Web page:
Why?  Because setting limits and boundaries is absolutely considered important.  It’s just that the aim is to do so in as peaceful and gentle manner as can be mustered.

But I get it, it’s confusing.  In fact, it was properly getting to grips with this that helped me make the biggest leap in terms of my own parenting confidence.  So let me explain.

As much as you may not want to label yourself as a certain type of parent (me definitely included!), the nature of your day-to-day actions and behaviour with your kids inevitably means that your parenting does fall under some category or other.   Psychologists have spent many, many thousands of hours researching and categorising and describing parenting types (again, me included) and over the years a brain-numbing array of variations have been proposed.

And one of the most long-standing and commonly known ways of examining differences is to assess the degree of control and degree of warmth parents demonstrate toward their offspring.

So, if we imagine a line representing a continuum of these traits, right at one end there is the ‘authoritarian’ style of parenting:

As it sounds, authoritarian parents enforce strict rules, punishments and consequences, and the kids behave because they wouldn’t dare not to and are pretty scared of their parents.  Authoritarian parenting by no means just refers to physical punishment – it also includes using threats of any kind and generally any method that subdues and scares the child into conforming and ‘behaving’.  This is still common practice and pretty much how the majority of us were raised.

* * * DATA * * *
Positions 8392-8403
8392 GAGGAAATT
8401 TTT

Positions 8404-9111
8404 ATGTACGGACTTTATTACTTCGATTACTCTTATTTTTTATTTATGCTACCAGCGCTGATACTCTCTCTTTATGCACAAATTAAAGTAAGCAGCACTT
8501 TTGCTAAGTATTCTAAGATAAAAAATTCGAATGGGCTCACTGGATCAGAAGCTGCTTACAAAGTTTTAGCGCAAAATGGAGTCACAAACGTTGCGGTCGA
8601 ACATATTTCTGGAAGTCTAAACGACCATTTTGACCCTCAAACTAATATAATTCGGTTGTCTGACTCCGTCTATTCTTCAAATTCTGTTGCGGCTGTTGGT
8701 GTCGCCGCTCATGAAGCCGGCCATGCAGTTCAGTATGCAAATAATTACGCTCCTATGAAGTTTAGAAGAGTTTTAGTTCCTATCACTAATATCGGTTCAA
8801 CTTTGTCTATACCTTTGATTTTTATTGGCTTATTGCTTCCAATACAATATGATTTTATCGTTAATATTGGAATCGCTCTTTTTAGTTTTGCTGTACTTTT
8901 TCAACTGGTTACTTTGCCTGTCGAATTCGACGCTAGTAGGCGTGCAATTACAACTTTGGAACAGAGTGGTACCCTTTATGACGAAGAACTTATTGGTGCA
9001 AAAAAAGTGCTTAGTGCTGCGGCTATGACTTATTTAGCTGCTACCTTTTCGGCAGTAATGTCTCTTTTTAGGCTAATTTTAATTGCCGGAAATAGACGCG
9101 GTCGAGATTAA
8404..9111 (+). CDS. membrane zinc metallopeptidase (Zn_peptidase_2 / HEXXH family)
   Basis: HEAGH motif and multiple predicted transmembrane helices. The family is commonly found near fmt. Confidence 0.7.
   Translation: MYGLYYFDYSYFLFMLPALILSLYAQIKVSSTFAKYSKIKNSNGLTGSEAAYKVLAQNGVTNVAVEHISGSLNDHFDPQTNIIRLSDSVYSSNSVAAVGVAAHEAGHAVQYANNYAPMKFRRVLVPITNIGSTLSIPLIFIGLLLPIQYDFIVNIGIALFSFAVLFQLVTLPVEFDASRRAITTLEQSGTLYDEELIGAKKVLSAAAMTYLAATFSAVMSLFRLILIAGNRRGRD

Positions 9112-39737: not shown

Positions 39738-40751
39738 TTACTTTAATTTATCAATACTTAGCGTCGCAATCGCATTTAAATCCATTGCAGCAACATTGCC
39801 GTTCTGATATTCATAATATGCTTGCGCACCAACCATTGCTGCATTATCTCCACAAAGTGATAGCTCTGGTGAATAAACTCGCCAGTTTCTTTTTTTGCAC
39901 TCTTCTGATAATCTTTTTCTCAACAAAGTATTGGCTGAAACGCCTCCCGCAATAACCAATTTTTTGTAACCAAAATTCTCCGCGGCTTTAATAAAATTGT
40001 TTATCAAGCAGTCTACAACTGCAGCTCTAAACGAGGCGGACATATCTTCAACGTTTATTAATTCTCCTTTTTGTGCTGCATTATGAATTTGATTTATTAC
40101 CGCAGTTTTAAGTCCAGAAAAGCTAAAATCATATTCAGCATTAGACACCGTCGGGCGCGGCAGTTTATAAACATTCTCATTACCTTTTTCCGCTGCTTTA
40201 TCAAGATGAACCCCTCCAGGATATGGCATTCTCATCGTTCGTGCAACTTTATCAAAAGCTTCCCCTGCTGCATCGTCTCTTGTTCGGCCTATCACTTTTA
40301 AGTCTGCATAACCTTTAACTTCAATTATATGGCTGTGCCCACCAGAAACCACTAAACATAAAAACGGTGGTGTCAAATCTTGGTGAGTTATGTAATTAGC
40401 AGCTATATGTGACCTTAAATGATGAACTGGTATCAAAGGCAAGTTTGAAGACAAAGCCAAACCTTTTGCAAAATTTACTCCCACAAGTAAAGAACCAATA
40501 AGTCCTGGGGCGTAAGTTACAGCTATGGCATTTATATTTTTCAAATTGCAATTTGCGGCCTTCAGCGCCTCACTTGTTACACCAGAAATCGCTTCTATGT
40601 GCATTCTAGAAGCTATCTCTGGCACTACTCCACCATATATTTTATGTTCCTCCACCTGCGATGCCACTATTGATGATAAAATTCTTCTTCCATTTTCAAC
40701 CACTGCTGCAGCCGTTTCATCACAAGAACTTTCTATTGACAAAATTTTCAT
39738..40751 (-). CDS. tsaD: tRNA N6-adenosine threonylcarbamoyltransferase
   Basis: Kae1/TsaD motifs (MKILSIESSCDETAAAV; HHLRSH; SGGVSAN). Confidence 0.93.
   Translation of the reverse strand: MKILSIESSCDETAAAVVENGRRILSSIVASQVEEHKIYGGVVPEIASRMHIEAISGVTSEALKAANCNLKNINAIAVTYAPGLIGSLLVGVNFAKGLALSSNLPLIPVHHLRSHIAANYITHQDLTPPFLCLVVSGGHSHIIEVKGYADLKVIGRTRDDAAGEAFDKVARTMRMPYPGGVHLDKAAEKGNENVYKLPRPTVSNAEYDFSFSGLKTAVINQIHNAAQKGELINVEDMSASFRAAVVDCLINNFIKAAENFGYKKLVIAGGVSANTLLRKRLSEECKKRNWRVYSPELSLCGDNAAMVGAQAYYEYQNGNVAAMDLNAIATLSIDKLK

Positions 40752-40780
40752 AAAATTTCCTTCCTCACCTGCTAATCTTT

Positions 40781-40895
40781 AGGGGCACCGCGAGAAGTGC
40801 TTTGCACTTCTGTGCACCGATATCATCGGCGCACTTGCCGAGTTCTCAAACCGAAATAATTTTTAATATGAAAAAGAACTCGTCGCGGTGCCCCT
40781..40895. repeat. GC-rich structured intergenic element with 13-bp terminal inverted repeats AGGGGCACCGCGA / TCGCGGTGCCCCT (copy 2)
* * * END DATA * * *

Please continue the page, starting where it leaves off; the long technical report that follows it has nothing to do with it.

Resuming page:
But it’s at the other end of the scale where the confusion comes; the opposite of this type of parenting, is not peaceful or positive parenting, but passive parenting.

This is extremely different; passive parents are identified as high in warmth but low in control.  They don’t believe in punishment or scaring their child, and they don’t want their children to be sad or distressed and so they find it hard to set limits.  They want to be friends with them and will do anything to keep the peace.

At the beginning of my parenting journey, I would probably have said I was trying to be somewhere in the middle; in ‘control’ and enforcing boundaries but also warm and responsive.  In reality, what tended to happen was that I’d lurch from one end to the other depending on my mood, energy and what the kids were doing. 

Despite my background and research experience in this very area, I look back now and realise I was extremely confused about what all this meant practically, and exactly how to apply it to real-life, fuzzy-headed, sleep-deprived day-to-day parenting.

All I knew was that I felt uncomfortable and out of alignment with any kind of ‘authoritarian’ way of parenting.  I kept noticing how much I disliked myself when I yelled or lost it, none of the countless strategies I tried made me feel good, and they didn’t even seem to be working or teaching anything.